Did You Know That Investing in Hearing Aids is a Smart Decision Financially?
Hearing aids are a worthy financial investment. People who have hearing loss are often worried about the price tag. However, while a house is an expensive investment, it’s significantly better than being homeless. Beyond that, if you go beyond the cost, you might discover that hearing aids are an overall wise financial investment.
When you are shopping for a big-budget item like this you need to ask yourself, “what do I get from using hearing aids and what’s the expense of not getting them?” The truth is, it will likely end up costing more if you decide not to get hearing aids. You really should factor these expenses into your purchase also. Consider some reasons why getting hearing aids will help save you money in the long run.
Low-priced Hearing Aids Become More Expensive Than You Would Think
While shopping the hearing aids market, you will undoubtedly discover less expensive devices which appear to be less expensive. In fact, if you checked online, you might purchase a hearing aid for less money than you pay for dinner.
You get what you pay for in quality with over-the-counter hearing devices. What you are in fact buying is not really a hearing aid but, an amplification device similar to earbuds or headphones. The trouble with these bargain devices is that they crank the background noises up.
With cheap hearing devices you don’t get the most important features, such as customized programming. A premium hearing aid can be especially tuned to your hearing needs which can assist in preventing it from getting worse.
Most store bought hearing devices use equally cheap batteries, too. Spending large amounts of additional money on worn out batteries will be expensive. If you use the amplification device every day, you could possibly end up exchanging the battery up to a couple of times per day. When it’s most important, these cheap batteries frequently fail, so make sure to carry lots of emergency batteries. Do you really save money if you have to exchange dead batteries on a daily basis?
high-quality hearing aids, however, have better technology and use less power. Many also come with rechargeable batteries, cutting out the need for regular replacements.
Work Associated Worries
Whether you choose to struggle with low-quality hearing aids or go without them entirely, it’s a decision that will most likely cost you at your job. A 2013 study published in The Hearing Journal says that adults that have hearing loss often earn less money – as high as 25 percent less, and are more likely to be without a job.
What accounts for this? There are a lot of reasons for this, but the most common sense explanation is that communicating is important in pretty much every profession. You have to listen to what your boss is saying to deliver results. You must be able to listen to customers to assist them. If you spend the discussion attempting to hear precisely what words a person is saying, you’re likely missing the general content. Quite simply, if you cannot participate in conversations, it is really difficult to excel at work.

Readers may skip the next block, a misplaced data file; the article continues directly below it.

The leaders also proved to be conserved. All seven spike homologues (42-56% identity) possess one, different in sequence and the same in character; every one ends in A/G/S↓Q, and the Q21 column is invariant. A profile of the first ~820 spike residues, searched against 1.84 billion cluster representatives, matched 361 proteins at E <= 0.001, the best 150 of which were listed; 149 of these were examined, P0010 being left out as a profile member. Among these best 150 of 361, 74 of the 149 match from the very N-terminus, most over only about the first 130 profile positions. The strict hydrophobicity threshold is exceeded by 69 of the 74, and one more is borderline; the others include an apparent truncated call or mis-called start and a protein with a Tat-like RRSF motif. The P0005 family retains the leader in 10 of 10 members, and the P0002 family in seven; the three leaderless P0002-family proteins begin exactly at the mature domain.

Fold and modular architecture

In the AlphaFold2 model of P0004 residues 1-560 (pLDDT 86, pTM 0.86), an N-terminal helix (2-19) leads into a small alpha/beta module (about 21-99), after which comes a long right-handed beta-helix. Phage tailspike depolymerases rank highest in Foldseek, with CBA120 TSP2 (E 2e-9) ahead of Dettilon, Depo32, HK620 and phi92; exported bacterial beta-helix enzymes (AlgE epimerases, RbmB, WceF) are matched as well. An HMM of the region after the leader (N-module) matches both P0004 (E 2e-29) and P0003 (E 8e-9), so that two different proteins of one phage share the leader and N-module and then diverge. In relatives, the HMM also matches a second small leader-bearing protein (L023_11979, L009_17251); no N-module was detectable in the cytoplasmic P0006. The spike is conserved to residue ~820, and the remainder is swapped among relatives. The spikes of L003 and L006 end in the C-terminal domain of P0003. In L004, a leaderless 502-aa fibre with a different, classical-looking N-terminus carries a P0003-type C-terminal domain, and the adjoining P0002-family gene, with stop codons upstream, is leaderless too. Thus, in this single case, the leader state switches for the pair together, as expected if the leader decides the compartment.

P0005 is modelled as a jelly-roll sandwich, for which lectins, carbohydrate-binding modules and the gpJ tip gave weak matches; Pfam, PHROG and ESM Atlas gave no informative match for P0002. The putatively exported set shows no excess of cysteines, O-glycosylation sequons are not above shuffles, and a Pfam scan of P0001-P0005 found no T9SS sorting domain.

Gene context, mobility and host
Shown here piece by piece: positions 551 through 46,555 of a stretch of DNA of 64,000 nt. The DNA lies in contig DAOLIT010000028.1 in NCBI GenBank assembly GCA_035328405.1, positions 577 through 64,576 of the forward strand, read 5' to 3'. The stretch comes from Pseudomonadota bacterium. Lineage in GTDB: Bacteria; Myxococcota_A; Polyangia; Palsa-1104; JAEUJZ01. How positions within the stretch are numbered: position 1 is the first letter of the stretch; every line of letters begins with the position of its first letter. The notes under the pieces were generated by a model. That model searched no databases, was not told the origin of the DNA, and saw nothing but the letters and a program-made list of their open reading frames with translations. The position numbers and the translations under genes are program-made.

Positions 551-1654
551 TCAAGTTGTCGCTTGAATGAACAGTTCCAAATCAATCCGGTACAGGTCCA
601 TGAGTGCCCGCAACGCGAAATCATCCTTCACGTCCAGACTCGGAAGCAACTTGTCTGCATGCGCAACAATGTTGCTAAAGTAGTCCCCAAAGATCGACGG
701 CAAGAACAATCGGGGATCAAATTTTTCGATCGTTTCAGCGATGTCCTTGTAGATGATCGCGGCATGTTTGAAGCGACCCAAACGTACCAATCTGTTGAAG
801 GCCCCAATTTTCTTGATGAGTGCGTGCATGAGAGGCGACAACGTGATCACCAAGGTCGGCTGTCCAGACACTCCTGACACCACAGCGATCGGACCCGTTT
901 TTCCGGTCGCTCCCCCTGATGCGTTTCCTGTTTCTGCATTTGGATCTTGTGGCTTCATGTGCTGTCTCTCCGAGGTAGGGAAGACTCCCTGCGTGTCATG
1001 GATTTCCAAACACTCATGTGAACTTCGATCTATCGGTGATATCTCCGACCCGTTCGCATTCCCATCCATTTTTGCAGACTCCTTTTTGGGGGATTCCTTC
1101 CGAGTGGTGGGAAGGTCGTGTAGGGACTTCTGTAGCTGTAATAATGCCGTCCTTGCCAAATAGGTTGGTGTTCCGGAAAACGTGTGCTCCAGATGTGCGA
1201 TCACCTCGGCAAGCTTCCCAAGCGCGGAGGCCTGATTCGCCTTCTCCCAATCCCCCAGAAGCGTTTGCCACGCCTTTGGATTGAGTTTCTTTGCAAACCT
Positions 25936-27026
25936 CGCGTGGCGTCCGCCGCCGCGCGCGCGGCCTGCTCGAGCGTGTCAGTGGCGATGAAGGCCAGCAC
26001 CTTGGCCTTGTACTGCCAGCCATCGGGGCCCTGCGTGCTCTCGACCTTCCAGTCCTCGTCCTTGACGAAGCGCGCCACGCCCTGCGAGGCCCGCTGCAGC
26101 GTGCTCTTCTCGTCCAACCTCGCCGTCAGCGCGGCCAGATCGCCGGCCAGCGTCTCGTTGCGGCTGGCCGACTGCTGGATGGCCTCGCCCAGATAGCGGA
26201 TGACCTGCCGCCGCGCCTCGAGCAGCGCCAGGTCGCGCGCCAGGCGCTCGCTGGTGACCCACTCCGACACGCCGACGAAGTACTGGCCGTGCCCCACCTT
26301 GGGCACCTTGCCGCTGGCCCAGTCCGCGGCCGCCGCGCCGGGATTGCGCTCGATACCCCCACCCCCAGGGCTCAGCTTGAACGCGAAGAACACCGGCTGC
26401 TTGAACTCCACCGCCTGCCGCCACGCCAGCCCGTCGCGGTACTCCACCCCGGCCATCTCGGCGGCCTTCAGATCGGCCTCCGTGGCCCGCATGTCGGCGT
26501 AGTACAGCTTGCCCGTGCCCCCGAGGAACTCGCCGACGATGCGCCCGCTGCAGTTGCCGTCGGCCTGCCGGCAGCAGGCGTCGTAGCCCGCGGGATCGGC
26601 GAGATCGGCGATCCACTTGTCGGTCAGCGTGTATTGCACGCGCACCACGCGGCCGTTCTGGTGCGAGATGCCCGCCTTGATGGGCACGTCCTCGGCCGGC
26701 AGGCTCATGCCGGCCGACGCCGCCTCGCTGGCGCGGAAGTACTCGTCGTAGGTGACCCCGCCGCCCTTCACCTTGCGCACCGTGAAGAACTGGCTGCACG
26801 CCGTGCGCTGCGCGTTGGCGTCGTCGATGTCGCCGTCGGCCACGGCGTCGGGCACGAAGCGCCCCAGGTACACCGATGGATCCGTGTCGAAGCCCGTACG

The struggle to hear on the job will take a toll on you bodily, also. Even if you find some way to make it through a day with sub-par hearing ability, the anxiety that comes with wondering whether you heard something right plus the energy required to make out as much as you can will make you fatigued and stressed out. Some impacts of stress:
- Your immune system
- Your ability to sleep
- Your relationships
- Your quality of life
These all have the potential to impair your job efficiency and reduce your income as a result.
Regular Trips to The ER
There are safety issues which come with loss of hearing. Without appropriate hearing aids, it is unsafe for you to go across the street or operate a car or truck. How could you stay clear of another vehicle if you can’t hear it? What about environmental warning systems like a storm warning or smoke detector?
For many jobs, hearing is a must for workplace safety practices like building and construction sites or processing plants. That means that not wearing hearing aids is not only a safety risk but also something which can restrict your career options.
Financial protection comes into play here, too. Did the waitress say that you owe 55 dollars or 65? What did the salesperson say regarding the functions on the microwave oven you are looking at and do you require them? Perhaps the less expensive model is the better choice for you, but it’s hard to know if you can’t hear the clerk explain the difference.
The Health of Your Brain
One of the most important issues which come with hearing loss is the increased risk of getting dementia. The New England Journal of Medicine states that Alzheimer’s disease costs sufferers above 56,000 dollars per year. Dementia accounts for 11 billion dollars in Medicare expenditure yearly.
Hearing loss is a risk factor for Alzheimer’s disease and some other types of dementia. It is calculated that a person with acute, untreated hearing loss increases their chances of brain degeneration by five times. A moderate hearing loss comes with three times the risk of dementia, and even a mild hearing issue doubles your risk. Hearing aids will bring the risk back to a regular amount.
Without a doubt a hearing aid will set you back a bit more. When you look at the many other troubles that come with going without one or buying a cheaper device, it’s clearly a financial decision. Consult a hearing care professional to learn more about hearing aids.